The Song Of Storms Paradox
Near to one of the other areas which houses chickens is a windmill, which works and everything, and is run by a man whose life has been driven insane by two visits from someone: you. You first meet him when you are an adult, and he tells you about this song he was taught by a small fairy-boy called “Link”. He hated this song, because whenever it gets played it rains inside and he gets all wet – because of this, the song is called ‘the Song Of Storms’. As with every ocarina song you get taught in the game, this is an insanely catchy little ditty, and you promptly remember it and use it infrequently during the rest of the game. In order to keep it though, you need to send yourself back in time… to have a quick chat with the windmill keeper. During this chat you play the song to him and it rains inside, driving him mad, but he remembers it. Thus he is able to teach it to you when you grow up and need it in seven years time, because it had such an effect on him.
But… if you only learn it from him because you taught it to him in the past after time-travelling… who taught it to you? Where does the song come from? You can blow your mind figuring this out, but as the fantastic and much-mourned N64 Magazine revealed – Terminator 2 is one of Shigeru Miyamoto’s favourite films. He’d be the guy who is responsible for this game, by the way, And Mario 64. He’s the most important designer in games. And he loves paradoxes. Just trying to comprehend the way this Song of Storms comes into being now, so we could write this, has given us a headache. But we love it.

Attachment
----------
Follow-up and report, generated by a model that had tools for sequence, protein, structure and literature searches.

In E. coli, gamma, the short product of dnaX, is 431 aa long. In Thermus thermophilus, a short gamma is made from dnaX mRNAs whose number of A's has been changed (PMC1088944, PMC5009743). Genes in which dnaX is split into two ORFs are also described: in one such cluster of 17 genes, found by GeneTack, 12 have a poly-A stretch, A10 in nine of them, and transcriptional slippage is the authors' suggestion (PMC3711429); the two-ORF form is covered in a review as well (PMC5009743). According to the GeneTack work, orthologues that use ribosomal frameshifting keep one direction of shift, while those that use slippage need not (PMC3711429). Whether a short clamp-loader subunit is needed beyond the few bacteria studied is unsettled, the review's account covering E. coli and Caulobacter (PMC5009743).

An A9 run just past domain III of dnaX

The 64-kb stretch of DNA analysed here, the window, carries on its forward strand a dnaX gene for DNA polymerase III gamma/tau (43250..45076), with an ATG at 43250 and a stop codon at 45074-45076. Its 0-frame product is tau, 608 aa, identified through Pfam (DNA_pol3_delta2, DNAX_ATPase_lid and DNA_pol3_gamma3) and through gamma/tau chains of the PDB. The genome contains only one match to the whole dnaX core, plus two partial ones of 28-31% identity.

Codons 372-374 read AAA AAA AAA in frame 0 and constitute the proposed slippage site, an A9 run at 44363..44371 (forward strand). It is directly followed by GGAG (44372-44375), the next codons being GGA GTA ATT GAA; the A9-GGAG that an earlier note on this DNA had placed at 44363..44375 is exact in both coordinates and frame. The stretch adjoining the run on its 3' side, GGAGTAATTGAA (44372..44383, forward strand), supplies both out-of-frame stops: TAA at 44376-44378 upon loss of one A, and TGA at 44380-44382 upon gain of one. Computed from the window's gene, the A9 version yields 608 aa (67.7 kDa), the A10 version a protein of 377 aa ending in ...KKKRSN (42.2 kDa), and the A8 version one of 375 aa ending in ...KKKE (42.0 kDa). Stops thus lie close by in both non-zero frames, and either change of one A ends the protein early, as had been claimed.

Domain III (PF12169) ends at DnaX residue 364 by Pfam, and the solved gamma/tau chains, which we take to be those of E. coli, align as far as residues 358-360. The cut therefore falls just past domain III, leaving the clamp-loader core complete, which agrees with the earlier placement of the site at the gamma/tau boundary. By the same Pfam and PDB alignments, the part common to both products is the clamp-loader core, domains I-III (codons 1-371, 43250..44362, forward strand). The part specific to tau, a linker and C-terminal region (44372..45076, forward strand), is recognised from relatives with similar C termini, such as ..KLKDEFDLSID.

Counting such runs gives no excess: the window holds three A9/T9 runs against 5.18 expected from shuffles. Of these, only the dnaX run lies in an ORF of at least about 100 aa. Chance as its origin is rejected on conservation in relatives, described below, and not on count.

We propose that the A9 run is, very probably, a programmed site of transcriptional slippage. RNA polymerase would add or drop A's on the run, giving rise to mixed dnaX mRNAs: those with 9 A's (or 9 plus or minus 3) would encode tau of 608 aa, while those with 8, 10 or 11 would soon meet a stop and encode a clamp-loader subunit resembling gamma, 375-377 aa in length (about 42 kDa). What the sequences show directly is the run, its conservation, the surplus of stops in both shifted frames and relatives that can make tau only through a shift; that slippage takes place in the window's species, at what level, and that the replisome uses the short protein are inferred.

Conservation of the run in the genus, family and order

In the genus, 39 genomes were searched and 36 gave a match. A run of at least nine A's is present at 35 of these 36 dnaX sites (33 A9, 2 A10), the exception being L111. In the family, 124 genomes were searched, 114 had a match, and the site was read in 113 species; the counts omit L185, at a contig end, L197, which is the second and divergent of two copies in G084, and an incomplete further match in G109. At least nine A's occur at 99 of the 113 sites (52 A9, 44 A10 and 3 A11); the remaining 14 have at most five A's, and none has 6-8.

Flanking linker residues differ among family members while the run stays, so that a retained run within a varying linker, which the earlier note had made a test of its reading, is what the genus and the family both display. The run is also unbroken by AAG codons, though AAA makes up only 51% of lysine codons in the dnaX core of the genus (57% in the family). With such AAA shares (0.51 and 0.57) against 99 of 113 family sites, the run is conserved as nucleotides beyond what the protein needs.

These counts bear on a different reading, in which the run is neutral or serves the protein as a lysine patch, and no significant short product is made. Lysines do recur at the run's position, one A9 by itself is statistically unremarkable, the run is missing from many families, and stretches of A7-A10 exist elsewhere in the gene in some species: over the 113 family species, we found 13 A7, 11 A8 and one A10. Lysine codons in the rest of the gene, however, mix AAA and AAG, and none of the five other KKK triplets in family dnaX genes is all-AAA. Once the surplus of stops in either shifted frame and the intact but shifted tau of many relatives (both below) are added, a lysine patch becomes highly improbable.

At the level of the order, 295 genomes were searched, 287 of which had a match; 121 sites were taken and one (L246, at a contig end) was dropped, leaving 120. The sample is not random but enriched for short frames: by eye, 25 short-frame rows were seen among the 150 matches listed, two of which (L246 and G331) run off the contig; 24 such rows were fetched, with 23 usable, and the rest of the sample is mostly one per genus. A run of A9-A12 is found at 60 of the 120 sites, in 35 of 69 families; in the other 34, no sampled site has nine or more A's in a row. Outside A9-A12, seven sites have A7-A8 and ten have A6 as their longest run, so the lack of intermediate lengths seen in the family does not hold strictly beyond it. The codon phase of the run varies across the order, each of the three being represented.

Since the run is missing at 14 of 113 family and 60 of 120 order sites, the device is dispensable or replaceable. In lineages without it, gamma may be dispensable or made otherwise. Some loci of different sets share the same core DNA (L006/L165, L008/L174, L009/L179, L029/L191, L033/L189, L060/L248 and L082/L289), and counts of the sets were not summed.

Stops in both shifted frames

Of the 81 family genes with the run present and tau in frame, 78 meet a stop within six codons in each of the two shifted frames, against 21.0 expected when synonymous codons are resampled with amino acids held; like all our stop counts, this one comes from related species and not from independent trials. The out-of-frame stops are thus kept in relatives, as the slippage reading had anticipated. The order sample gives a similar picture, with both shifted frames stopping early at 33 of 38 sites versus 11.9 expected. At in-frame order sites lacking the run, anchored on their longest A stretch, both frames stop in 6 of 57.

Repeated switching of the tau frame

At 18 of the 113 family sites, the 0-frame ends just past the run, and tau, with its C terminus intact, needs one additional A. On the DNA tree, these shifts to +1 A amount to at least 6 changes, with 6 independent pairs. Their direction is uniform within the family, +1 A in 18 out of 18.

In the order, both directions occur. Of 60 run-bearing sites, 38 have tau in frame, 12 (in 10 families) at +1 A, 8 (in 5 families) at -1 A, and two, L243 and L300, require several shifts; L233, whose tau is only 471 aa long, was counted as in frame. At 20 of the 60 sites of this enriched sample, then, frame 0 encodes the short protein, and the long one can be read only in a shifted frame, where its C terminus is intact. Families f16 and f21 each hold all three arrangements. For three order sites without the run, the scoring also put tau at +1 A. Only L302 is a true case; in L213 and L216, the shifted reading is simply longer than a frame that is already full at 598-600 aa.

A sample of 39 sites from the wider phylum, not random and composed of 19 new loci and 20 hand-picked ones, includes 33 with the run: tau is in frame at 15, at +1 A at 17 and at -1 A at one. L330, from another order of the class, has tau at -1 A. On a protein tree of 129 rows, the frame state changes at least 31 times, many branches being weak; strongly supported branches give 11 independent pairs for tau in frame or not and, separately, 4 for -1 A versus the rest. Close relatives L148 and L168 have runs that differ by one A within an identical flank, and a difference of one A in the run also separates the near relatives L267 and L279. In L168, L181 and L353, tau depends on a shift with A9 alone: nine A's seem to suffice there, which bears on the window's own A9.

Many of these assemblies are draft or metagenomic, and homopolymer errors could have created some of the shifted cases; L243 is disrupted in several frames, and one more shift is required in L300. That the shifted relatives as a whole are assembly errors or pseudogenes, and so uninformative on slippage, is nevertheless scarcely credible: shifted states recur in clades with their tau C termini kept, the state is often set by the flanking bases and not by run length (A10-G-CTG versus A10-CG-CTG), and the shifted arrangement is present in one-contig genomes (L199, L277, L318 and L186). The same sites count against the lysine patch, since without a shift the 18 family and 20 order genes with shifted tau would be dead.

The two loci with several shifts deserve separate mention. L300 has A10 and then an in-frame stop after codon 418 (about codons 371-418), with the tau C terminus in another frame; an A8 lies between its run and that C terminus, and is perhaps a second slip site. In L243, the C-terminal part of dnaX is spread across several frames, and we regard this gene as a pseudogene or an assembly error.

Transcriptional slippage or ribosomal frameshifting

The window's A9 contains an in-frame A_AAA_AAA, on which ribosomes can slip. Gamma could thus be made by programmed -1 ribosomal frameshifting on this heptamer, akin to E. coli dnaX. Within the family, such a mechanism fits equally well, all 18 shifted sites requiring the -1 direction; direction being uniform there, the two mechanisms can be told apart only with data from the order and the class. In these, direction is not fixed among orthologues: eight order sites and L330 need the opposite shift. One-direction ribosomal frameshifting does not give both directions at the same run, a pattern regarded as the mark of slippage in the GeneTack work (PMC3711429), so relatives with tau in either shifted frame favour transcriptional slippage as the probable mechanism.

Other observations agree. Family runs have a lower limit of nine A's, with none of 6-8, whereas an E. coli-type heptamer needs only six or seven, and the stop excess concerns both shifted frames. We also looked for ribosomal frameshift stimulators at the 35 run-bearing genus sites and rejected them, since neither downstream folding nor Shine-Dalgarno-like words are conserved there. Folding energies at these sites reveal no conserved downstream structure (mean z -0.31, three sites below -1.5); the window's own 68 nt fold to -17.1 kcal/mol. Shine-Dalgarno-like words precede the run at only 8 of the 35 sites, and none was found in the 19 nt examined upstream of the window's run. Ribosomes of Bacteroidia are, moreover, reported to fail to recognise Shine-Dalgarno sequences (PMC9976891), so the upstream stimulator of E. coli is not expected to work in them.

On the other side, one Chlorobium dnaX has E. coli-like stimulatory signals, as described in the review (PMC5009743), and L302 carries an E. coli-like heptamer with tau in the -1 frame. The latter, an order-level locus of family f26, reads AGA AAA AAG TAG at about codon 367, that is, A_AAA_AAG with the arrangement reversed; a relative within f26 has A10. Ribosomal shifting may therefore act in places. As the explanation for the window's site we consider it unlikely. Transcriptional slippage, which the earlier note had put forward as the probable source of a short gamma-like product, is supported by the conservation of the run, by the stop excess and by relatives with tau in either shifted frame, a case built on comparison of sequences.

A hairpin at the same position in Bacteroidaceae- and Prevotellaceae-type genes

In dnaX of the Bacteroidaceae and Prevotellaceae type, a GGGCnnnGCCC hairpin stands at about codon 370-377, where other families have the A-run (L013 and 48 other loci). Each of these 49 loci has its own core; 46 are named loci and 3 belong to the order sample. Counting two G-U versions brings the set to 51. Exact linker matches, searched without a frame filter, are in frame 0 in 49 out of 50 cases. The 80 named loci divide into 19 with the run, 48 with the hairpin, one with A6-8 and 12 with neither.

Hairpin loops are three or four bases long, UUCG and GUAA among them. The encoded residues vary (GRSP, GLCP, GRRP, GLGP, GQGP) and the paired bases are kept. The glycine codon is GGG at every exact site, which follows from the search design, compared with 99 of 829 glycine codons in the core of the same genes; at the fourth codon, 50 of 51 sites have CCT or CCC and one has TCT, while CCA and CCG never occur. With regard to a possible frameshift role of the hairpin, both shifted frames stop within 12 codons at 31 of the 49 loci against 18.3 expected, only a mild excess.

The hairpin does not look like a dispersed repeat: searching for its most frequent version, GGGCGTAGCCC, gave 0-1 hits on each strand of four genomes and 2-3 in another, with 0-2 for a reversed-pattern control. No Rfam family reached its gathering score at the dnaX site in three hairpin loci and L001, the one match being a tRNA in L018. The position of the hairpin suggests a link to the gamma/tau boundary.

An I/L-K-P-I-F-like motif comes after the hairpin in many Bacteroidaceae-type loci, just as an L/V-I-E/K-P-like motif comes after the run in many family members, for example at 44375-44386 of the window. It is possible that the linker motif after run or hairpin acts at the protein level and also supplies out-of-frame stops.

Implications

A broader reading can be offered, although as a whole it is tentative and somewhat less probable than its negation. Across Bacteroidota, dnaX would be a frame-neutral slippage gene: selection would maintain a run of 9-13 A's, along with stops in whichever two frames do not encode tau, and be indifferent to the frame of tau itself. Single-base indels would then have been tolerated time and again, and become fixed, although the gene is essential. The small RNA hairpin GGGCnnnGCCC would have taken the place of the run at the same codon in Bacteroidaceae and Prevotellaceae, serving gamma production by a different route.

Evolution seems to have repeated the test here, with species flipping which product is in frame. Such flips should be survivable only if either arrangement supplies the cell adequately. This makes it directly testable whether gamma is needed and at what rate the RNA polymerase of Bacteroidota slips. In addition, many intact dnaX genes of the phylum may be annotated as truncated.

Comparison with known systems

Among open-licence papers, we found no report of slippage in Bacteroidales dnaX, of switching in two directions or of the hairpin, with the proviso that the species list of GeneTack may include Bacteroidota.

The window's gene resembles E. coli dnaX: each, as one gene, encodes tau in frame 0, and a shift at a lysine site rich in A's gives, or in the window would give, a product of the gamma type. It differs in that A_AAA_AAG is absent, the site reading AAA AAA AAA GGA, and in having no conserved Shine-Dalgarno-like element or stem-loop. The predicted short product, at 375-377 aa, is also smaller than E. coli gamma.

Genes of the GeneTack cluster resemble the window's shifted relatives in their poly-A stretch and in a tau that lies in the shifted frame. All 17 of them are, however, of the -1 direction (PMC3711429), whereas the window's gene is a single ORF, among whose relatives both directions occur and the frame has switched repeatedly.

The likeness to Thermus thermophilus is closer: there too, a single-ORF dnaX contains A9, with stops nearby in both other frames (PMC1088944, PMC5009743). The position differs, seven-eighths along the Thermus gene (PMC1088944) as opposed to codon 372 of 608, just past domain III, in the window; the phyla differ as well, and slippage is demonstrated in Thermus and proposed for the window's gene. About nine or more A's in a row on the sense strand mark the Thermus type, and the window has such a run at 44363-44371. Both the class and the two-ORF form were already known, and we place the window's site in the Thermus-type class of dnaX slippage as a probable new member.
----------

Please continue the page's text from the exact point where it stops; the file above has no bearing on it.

Leaping the Gerudo Bridge
Speaking of Epona, who we mentioned earlier and is our favourite character in the game… she has a number of moments all to herself that are spectacular. One of the best is when you visit the ranch as an adult and find it has been turned evil, so you have to escape there with Epona by jumping over the back wall. This is just the rehearsal for what is to come later. There is an area you have to visit, a fortress run by women (I know, I know – women running things? It is a computer game though, so you have to allow it these slight leaps of fantasy) which is at the top of a small mountain. You are told to go there, so you run over and find that… hey, wait, the bridge that leads over there hasn’t been built yet! What’s up with THAT?
Apparently the carpenters who were working on the bridge have been kidnapped by these femme fatales, and you have to rescue them, it transpires. But this still does not give you any way of getting over the broken bridge, does it? If you try and run across on your own, you find yourself plummeting downwards into the stream below, in another example of how large this world is. Many games would have this be a leap to the death, and you resurrect at the top again, but in Zelda this drop leads to a river which feeds into a lake you’ll probably have visited earlier. Tis genius, but this is digressive. You try to think of a way across, but nothing comes to mind. Until you think of Epona. You call her over to you and saddle up, and then step away from the ledge. You take a deep breath, give her a carrot, and race towards the drop.
And Epona jumps it!
Those are just five of the many, many things we love about The Legend Of Zelda: Ocarina of Time. It’s our favourite game of all time, and hopefully you’ll have been reading this week and nodding, because of the memories it’s stirred in you. Of course, you might have been one of those people who shunned the N64 and bought a Playstation instead because they were meant to be cooler. To you people, I say this: YOU LOST OUT BIGTIME.
N64 is the best console ever, and had the best games ever. And the very peak of the Shiny Goodness? Ocarina of Time. We rest our case.